For decades I have been longing to see Léo Delibes´ "Sylvia" live; it finally occurred and I am happy that the prolonged debt of the Teatro Colón with this famous XIXth century ballet has been settled. Lidia Segni programmed and Maximiliano Guerra respected the idea of presenting Frederick Ashton´s choreography with the beautiful costumes and stage designs of the 1952 London revival imagined by Christopher and Robin Ironside.
There were just two first-rate ballet composers in the second half of the Nineteenth Century: Piotr Ilych Tchaikovsky and Léo Delibes. The latter wrote two long ballets: "Coppélia" (1870 and "Sylvia" (1876); the first has remained an evergreen, but "Sylvia" has had a checkered history choreographically.
Delibes also wrote "La Source" or "Naïla", with Minkus (1866), and a "Pas des fleurs" (1867) intercalated in Adam´s "Le Corsaire"; this has been seen at the Colón.
"Sylvia, ou La Nymphe de Diane" ("Sylvia, or Diana´s nymph") is the full title of this three-act ballet with a duration of about one hour and forty minutes. The scenario by Jules Barbier and the Baron de Reinach is based on Torquato Tasso´s "Aminta" (1573), a pastoral drama, and the original choreography was by Joseph Mérante. It was presented at the Paris Opéra
In fact the music was more appreciated than Mérante´s work; he was the successor of Saint-Léon but was less talented; however, he created an attractive role for the "prima ballerina" Rita Sangalli, though the bland pastoral story didn´t attract like that of "Coppélia". It is curious in a way, for even Diaghilev insisted on such themes, witness Ravel´s "Daphnis et Chloë".
Few later choreographies for "Sylvia" showed staying power, but three must be mentioned: the Neoclassic Serge Lifar in 1941, Ashton´s, and John Neumeier´s staged at the Paris Opéra of which there´s a DVD. I own the latter and frankly I don´t like it, although of course this famous choreographer does have some interesting ideas. But "Sylvia" is essentially "naïf", as Ashton sees it (and he was right), and sylvan, to play with words (she is indeed a dryad, a wood nymph). Neumeier gives us too much modern sophistication and little open-air feeling.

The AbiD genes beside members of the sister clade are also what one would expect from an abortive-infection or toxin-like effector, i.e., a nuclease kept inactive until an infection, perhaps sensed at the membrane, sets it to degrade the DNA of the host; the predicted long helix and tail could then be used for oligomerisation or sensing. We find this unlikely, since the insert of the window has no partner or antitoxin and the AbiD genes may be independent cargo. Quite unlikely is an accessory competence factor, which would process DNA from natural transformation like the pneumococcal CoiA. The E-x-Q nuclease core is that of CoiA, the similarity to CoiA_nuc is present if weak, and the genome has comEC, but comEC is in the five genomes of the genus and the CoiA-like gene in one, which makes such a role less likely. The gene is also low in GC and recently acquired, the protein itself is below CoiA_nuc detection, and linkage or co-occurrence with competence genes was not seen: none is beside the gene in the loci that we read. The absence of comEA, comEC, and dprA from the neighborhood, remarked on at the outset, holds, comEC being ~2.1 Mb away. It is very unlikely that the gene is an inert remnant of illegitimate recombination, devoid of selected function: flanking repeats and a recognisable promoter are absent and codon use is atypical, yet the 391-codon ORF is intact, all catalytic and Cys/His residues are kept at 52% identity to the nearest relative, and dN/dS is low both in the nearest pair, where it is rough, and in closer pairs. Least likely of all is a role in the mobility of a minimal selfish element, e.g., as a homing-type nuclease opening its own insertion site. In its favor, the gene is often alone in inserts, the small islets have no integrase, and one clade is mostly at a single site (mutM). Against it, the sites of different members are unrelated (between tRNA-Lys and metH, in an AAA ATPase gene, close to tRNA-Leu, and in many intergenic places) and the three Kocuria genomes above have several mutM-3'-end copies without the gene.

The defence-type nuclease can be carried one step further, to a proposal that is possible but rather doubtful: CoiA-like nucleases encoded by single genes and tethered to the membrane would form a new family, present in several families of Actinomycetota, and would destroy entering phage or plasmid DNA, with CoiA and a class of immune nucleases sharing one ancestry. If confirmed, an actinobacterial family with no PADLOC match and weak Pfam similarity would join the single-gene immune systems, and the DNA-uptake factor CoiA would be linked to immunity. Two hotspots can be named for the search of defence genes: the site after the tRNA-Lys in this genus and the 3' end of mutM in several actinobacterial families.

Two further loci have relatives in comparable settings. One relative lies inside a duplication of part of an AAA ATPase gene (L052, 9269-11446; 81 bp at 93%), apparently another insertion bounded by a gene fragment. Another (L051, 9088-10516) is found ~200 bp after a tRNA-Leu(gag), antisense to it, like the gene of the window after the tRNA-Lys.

I have the sneaking half-memory that somewhere I´ve read about a 1940s première at the Colón, maybe of the Lifar, but I can´t swear to it. The hand programme only publishes considerations by Anthony Russell-Roberts on Ashton (the writer is his nephew) and his relationship with his Sylvia, Margot Fonteyn. If the Colón indeed has offered it before, it isn´t serious not to mention it.
And now to the performance I saw: it was the fourth of six and a non- subscription night; although there´s no mention of it in the programme, I was told that it was a special event for the Banco Ciudad, which may explain the impression I had of a different sort of audience, less fanatic than usual.
I was angry, when details were announced about the casting with three Sylvias and two Amintas, that no explanation was given about the absence of the great Spanish ballerina Alicia Amatriain, mentioned in the booklet where the whole season of the Colón was published in March. We need fine foreign dancers as guests of the Colón Ballet, the same way that we have artists from abroad in the opera season.
The 1952 première of Ashton´s classic choreography was revived at Covent Garden in a reconstruction by Christopher Newton in 2004; it was a coproduction with the American Ballet Theatre that kept the Ironside designs inspired by Claude Lorrain and was also seen in New York, Berlin, Tokyo, Rome and Saint Petersburg, and it is very handsome indeed. In fact, a beautiful show in the proper style with additional designs by Peter Farmer and lighting by Mark Jonathan (here revised by Rubén Conde), a pleasure to see with no intrusive modernisms.
Ashton defined the plot thus: "boy wants girl, girl is captured by bad guy, girl comes back to the boy through the god´s intervention (Eros)". Plus Diana, who kills the bad guy and allows Sylvia to love Aminta. There are plenty of members of the Corps de Ballet; in the First Act, Hunters, Naiads, Dryads, Sylvans, Fauns and Peasants; in the Second, Concubines and Slaves; in the Third, Gods, Muses, Goats, assistants of Sylvia and Diana, groups of Spring and Summer, Heralds, and the vision of Diana and Endymion.
It was announced that the scheduled Aminta, soloist Fabrizio Coppo, would be taken by First Dancer Federico Fernández, and there were some other minor changes. I wasn´t surprised by the assured and handsome dancing of Fernández, but I was agreeably impressed by a new young dancer as Sylvia: Macarena Giménez. Long-legged, well-trained and personable, she gave relief to her nymph.
Susan Jones, from the American Ballet Theater, was in charge of the revival and obviously knows her job: the general standard was quite good, important for there are many ensembles. Dalmiro Astesiano as the hunter Orion, Nahuel Prozzi as Eros (immobile as a statue for many minutes) and Paula Cassano (Diana) all did well. Luciana Barrirero and Jiva Velázquez as the Goats and Martín Vedia and Velázquez as the Slaves (doing an Ethiopian Dance) gave an exotic touch to the staging.
Finally, Emmanuel Siffert conducted a reasonably good performance with the Buenos Aires Philharmonic.
For Buenos Aires Herald